In a joint statement, NZR and the Rugby Players Association said the 24-year-old lock forward was provisionally suspended, according to World Rugby Anti-Doping Agency (WADA) regulations, after learning of the test in November 2016. Read more »

An Olympics without Russia? I have a better solution

Russia’s athletics team are not likely to be at next year’s Olympic Games in Rio de Janeiro, according to European Athletics president Svein Arne Hansen.

After doping allegations last month, Russia were suspended by the International Association of Athletics Federation (IAAF) and must fulfil a set of provisos in order to be reinstated in international competition.

“They must have a cultural change,” Hansen told Athletics Weekly magazine.

“They must get rid of all those people from before. We know some good people in Russian athletics and I’m sure they will be elected.

“We hope that some new people will come in who really understand that this must be changed.”

A committee from the IAAF will visit Russia in January and will report back to the IAAF Council in Wales on March 27, just over four months before the Rio Olympics.

Every four years, we have two Olympics: ?the “normal” one, and the Paralympic one. ?But the problem with doping is such that we need three Olympics (or perhaps four, if doping is rife in the Paralympics too). Read more »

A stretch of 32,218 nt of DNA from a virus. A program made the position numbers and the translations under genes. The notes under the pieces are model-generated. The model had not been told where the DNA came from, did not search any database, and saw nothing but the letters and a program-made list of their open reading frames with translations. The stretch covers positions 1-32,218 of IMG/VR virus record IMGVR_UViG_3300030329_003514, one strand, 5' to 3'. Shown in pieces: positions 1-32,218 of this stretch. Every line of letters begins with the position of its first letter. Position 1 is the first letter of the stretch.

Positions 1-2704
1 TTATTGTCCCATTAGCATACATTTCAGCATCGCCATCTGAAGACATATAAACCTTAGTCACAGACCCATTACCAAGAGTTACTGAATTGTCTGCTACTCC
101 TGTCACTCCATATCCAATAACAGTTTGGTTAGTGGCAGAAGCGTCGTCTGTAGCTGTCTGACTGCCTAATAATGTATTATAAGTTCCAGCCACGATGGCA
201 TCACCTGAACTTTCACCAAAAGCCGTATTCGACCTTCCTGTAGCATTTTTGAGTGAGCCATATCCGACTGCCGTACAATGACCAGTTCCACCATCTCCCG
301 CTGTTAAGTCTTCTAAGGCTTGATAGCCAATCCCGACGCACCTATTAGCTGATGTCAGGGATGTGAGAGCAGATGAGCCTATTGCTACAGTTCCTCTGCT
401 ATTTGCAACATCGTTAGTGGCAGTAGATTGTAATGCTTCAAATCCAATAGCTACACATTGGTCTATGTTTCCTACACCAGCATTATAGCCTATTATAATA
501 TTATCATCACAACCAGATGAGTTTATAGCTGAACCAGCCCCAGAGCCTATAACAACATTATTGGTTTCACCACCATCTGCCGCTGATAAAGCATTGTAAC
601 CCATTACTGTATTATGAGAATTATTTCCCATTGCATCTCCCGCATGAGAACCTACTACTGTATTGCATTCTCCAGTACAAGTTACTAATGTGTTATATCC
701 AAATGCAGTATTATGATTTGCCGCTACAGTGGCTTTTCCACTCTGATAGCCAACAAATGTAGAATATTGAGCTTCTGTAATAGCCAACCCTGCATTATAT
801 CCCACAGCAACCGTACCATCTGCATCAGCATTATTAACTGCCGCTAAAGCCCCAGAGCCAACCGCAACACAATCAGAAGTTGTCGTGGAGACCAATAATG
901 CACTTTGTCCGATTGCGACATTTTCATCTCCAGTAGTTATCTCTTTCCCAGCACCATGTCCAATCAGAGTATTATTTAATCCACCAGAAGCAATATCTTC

Busted Drug Cheat having a Sook

via The Guardian

Photograph: Michael Paulsen/AP via The Guardian

Lance Armstrong complains of ‘massive personal loss’ in doping fall-out…

The United States Anti-Doping Agency had accused Armstrong of conducting?”the most sophisticated, professionalised and successful doping programme sport has ever seen”?and Armstrong said he would be prepared to take any punishment as long as it was on a level playing field: “If everyone gets the death penalty, then I’ll take the death penalty. ? Read more »


How your computer and Lance Armstrong are related

Sports Talk: NRL round 1

Round one of the NRL season kicks off in just a few hours tonight, unfortunately it will merely be an afterthought because of the controversy surrounding the Cronulla Sharks. At this stage the outlook for the Sharks doesn’t look good. Up to 14 players may have used a sports supplement that contained a banned substance. Players were told on Tuesday they had 48 hours to accept a 6 month voluntary suspension if they had used the banned drug, knowingly or otherwise, or face a 2 year ban if investigated and found guilty by ASADA.

“Richard Redman is very experienced and what he would be advising the players would be that – if they were involved and if they know that they were involved – that they should come forward and receive a mitigation in that penalty,” Ings told Fox Sports.